How I Finally Learned to Eat in Moderation

How I Finally Learned to Eat in Moderation

I recently wrote about moderation and whether or not it’s a myth. I said that it isn’t, and I know that to be true because I finally got the hang of it.

It took a (really, really) long time to do it, though.

Let me just say this upfront: I have always loved dessert and I’m not a naturally moderate eater. I remember being a kid and asking my mom why I couldn’t have dessert after breakfast, so I don’t want you to get the impression it was easy for me magically eat a moderate amount of cake or chocolate or even cheese or buttered sourdough bread. It wasn’t.

Okay, so where does the moderation come in? Well, after a dieting phase, and overeating phase, and then an evening-out phase of sorts, I finally landed at a happy place. Here’s how I did it.

  1. I discussed my intentions with my husband and we laid out a plan together. We both felt we were overdoing it on sugar and that we’d prefer it to be a treat, say once a week (instead of an every night after dinner kind of thing). That being said, we threw out the kind of stuff we didn’t want to eat all the time instead of keeping it in the house where it could tempt us. It’s been pretty smooth sailing since then, and now I eat a treat about once a week, say, ice cream out on a warm Saturday afternoon, or a couple of cookies from a local bakery. (And, I admit, I do keep a bar of 85% dark chocolate in the house for emergencies, but since a serving has only 2.5 grams of sugar, I’m okay with that.)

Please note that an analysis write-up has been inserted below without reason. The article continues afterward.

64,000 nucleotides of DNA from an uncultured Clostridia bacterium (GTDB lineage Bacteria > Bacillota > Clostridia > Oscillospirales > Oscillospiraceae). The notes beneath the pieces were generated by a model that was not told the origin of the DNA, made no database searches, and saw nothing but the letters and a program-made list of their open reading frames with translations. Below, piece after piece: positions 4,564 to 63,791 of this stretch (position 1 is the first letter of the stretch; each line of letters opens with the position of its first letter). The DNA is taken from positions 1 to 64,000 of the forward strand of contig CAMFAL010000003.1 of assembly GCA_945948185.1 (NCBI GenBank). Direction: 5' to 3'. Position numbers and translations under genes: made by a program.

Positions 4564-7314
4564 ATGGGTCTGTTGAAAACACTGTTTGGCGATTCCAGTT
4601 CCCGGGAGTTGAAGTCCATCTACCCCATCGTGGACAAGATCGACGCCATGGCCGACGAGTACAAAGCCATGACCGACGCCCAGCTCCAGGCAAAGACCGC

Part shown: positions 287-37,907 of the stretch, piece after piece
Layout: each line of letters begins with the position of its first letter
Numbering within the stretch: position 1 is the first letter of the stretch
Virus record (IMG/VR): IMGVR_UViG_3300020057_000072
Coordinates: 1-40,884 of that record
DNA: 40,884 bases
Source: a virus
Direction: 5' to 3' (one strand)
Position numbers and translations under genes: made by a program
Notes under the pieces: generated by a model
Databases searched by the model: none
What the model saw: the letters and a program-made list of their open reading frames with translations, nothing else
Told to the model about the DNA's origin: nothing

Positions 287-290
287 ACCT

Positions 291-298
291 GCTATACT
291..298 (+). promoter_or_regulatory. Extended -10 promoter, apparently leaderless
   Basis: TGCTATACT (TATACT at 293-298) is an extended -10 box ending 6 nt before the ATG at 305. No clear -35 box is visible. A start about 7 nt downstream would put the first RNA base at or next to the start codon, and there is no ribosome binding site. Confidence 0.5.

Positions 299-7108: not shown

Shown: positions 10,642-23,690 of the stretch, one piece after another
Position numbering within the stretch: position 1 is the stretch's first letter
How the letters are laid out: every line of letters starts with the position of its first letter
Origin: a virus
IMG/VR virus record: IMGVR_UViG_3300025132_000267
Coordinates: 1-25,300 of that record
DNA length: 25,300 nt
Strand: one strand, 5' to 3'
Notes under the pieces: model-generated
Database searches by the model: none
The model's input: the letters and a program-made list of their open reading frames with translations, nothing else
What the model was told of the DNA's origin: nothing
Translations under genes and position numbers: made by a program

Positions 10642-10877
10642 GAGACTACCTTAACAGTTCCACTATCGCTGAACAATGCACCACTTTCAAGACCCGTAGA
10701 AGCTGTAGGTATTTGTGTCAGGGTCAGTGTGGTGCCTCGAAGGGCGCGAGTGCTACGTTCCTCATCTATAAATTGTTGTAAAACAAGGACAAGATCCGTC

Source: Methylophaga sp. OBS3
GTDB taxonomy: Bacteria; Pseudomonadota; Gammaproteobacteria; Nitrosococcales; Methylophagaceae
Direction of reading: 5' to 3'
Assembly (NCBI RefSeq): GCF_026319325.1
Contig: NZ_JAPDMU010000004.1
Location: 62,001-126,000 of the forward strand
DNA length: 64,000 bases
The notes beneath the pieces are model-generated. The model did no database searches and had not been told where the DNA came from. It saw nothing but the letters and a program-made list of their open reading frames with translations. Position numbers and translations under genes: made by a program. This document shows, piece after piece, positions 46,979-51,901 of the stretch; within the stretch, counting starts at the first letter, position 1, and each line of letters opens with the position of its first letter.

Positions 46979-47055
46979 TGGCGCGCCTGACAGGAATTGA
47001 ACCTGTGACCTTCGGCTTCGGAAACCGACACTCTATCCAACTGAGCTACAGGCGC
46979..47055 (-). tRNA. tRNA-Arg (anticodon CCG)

2. I assessed my “I can’t moderate them!” foods and decided how and when I wanted to eat them. I realized that, for me, cheese should be eaten as a treat, not by the handful while I waited for my grilled cheese sandwich to finishing cooking. Now when I eat cheese, I really taste and enjoy it, and that feels better to me than shoving it in by the quarter pound (ha).
  3. I decided what “moderation” meant for me. There was no way I would ever, ever give up the foods I love, even those filled with sugar or slathered in melted butter. However, I made the decision to focus on veggies, fruits, nuts, beans, and other healthy stuff most of the week, and to save things I love (like a decadent biscuit, egg, and cheese sandwich or a piece of chocolate cake) for just once a week or so, usually on the weekends.

This is what works for me, and you have to decide what will work for you. There’s also trial and error involved; in the past I cut out way too much of the stuff I loved and found myself feeling crazy and obsessed with food, and that was no way to live.

However, now I’ve found something that works for me, so I know it’s possible. The number one shift I made was to start eating in a way that both made my body and mind feel good and which I knew I could do for life. Going on a crash diet is not sustainable, but moderation is.

This article represents the opinions, thoughts, and experiences of the author; none of this content has been paid for by any advertiser. The Type2Diabetes.com team does not recommend or endorse any products or treatments discussed herein. Learn more about how we maintain editorial integrity here.

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